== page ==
Waymire v. Miami County Sheriff's Office
DECISION AND ENTRY GRANTING DEFENDANTS MOTION IN LIMINE TO EXCLUDE CANINES FROM THE COURTROOM (DOC. 67 ) granting 67 Motion in Limine. Signed by Magistrate Judge Michael J. Newman on 10/6/17. (pb)
UNITED STATES DISTRICT COURT
SOUTHERN DISTRICT OF OHIO
WESTERN DIVISION AT DAYTON
Case No. 3:15-cv-159
MIAMI COUNTY SHERIFF’S OFFICE,
Magistrate Judge Michael J. Newman
DECISION AND ENTRY GRANTING DEFENDANT’S MOTION IN LIMINE TO
EXCLUDE CANINES FROM THE COURTROOM (DOC. 67)
This civil case is before the Court on Defendant’s motion in limine to exclude police
canines from the courtroom. Doc. 67. Plaintiff filed a memorandum in opposition. Doc. 71.
Defendant filed a reply. Doc. 74. The Court has carefully considered all of the foregoing, and
Defendant’s motion in limine is ripe for decision.
Defendant seeks an Order preventing Plaintiff from having a police canine present as a
demonstrative during the testimony of witnesses at trial. Doc. 67 at 1838-39. Plaintiff seeks to
use a police canine as a demonstrative to prove that they are highly trained animals requiring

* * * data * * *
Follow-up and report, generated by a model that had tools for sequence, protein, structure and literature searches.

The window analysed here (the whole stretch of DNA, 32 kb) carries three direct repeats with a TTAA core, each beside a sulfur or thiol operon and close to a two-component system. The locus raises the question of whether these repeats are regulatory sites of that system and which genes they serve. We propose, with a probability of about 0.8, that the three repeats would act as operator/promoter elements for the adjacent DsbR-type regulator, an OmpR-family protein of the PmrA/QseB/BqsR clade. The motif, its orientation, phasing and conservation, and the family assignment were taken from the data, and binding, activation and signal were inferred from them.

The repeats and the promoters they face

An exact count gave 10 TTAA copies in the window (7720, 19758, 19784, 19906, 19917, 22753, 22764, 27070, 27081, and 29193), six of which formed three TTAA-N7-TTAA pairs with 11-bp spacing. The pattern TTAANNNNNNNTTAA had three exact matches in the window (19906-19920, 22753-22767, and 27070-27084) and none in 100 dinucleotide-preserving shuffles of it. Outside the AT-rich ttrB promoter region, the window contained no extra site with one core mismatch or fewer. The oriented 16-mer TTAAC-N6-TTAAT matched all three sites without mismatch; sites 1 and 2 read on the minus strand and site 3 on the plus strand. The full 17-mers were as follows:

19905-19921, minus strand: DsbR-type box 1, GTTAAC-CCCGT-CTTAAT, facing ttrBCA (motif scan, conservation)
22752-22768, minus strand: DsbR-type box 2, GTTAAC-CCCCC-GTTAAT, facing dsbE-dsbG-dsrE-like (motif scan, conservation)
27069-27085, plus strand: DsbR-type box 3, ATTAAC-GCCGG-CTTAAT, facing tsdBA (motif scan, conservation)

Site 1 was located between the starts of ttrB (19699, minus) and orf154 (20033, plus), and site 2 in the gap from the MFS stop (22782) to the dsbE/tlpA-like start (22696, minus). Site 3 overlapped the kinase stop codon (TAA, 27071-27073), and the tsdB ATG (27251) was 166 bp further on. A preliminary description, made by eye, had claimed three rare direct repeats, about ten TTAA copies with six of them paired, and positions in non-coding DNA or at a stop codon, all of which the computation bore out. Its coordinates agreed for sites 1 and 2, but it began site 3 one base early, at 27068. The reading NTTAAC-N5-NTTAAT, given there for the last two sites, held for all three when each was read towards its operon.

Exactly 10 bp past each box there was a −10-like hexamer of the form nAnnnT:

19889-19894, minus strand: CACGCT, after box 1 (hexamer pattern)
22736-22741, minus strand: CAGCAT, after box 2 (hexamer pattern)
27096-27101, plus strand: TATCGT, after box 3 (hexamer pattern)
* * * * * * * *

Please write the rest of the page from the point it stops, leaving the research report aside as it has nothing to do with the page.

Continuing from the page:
detailed care beyond that required of a traditional pet dog. However, Plaintiff does not specify
how she intends to demonstrate such with the mere presence of the police canine in the
courtroom, and many of the off-duty tasks required of officers in caring for police dogs -- as
outlined in the briefing on summary judgment1 -- are not amenable to demonstration within the
confines of the courtroom. Instead, the specific testimony from officers detailing such tasks
will likely be much more probative of the issues Plaintiff seeks to prove.
Plaintiff stated that particular off-duty tasks “included work consisting of feeding, watering,
waiting to avoid stomach torsion, breaking, grooming, training, exercising, bathing, attending veterinary
visits, and general care.” See doc. 36 at PageID 836-37.
Thus, although Plaintiff’s proposed use of a police canine as a demonstrative may be
relevant, the undersigned concludes that the danger of unfair prejudice, confusion the issues,
undue delay, and the needless presentation of cumulative evidence substantially outweighs the
probative value of that evidence.
See Fed. R. Evid. 403.
Accordingly, the undersigned
GRANTS Defendant’s motion in limine (doc. 67) at this time, but is open to reconsideration at
trial based upon the presentation of evidence.
IT IS SO ORDERED.
October 6, 2017
s/ Michael J. Newman
Michael J. Newman
United States Magistrate Judge
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